Sunday, May 28, 2006

Fixed Election Dates

According to this CBC article, Canadian Prime Minister Stephen Harper has promised to "introduce a bill next week to establish fixed federal election dates every four years." If the bill is passed into law, governments will be in power for four years (or less if they lose the confidence of Parliament). The idea is to prevent politicians from calling elections to suit themselves, while preserving Parliament's ability to kick out governments that aren't working.

On the whole, I support the initiative. The only conceivable downside (as far as I can see) is that fixed election dates tend to result in lengthy (and expensive) campaigns. Even if that downside is realized, however, the advantages of fixed election dates outweigh the disadvantages.

Edited to add: Since I wrote the above, I have discussed the matter with my family, as well as reading about it on the internet. I have come to the conclusion that fixed election dates are not really necessary. They may, in fact, be harmful.

For one thing, it is not necessarily undesirable for governing parties to call elections to suit themselves. Considering that majority governments are more stable and efficient, it can actually be better for the country if parties have a chance to gain seats early in their term.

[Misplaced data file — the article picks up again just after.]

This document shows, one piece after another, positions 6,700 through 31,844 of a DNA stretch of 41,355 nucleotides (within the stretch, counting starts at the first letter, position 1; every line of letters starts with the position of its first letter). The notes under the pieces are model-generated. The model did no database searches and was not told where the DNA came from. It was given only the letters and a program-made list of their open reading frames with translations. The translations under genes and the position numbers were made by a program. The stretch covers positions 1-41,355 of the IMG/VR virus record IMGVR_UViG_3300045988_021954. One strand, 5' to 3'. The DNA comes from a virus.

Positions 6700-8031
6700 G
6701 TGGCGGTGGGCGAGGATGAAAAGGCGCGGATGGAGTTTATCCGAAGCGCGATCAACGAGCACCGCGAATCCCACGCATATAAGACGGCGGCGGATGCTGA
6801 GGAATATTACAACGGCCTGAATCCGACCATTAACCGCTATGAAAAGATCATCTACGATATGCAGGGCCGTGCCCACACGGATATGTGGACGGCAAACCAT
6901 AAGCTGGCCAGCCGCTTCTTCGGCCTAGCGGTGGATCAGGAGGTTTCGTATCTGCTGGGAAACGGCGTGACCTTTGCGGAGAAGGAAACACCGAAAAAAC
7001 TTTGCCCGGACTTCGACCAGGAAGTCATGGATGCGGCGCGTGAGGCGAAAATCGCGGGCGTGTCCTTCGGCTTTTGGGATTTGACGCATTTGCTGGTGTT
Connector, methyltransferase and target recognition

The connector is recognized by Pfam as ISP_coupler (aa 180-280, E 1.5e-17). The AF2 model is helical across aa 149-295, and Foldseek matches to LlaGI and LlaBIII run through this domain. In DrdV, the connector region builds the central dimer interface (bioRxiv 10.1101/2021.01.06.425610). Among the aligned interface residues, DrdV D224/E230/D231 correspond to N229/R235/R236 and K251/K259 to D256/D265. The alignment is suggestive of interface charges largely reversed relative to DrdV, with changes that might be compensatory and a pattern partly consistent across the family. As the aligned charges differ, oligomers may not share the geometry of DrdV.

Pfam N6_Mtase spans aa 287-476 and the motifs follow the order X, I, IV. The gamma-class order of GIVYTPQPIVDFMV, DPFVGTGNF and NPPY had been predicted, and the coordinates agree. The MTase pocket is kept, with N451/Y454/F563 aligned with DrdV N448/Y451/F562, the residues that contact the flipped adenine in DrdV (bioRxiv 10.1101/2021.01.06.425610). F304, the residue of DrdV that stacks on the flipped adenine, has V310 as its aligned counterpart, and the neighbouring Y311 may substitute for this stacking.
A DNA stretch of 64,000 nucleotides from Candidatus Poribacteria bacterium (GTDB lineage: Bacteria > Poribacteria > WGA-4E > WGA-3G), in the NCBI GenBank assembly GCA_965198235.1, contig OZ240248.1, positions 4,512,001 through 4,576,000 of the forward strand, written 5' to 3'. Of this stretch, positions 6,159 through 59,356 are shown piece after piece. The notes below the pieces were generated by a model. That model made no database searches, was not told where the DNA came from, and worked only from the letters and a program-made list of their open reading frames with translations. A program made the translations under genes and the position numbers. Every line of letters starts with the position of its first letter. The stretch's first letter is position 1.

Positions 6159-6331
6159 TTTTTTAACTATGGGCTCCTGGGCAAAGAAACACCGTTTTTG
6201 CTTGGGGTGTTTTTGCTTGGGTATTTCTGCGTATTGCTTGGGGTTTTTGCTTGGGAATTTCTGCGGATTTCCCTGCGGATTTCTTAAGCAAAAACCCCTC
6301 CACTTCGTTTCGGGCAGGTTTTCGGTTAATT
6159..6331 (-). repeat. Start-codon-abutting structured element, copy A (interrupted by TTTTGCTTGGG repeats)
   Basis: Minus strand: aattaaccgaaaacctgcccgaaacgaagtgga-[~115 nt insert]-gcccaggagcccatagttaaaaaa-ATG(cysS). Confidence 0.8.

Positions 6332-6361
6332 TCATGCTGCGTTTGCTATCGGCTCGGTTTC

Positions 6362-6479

Another point is that our current system allows for elections based on specific issues (like free trade or the sponsorship scandal). Canadians are, accordingly, able to directly influence public policy.

In general, our system has more flexibility, which is only a bad thing when it allows for abuse. In this case, I don't think there is much danger of abuse (at least not any sort of abuse that significantly impedes democracy in Canada). One could certainly argue that our first-past-the-post voting system is more damaging and more worthy of attention.

That said, several provinces in Canada already have fixed-term elections, as do most democracies. With that and the openness of the Canadian public, fixed election dates seem to be inevitable.


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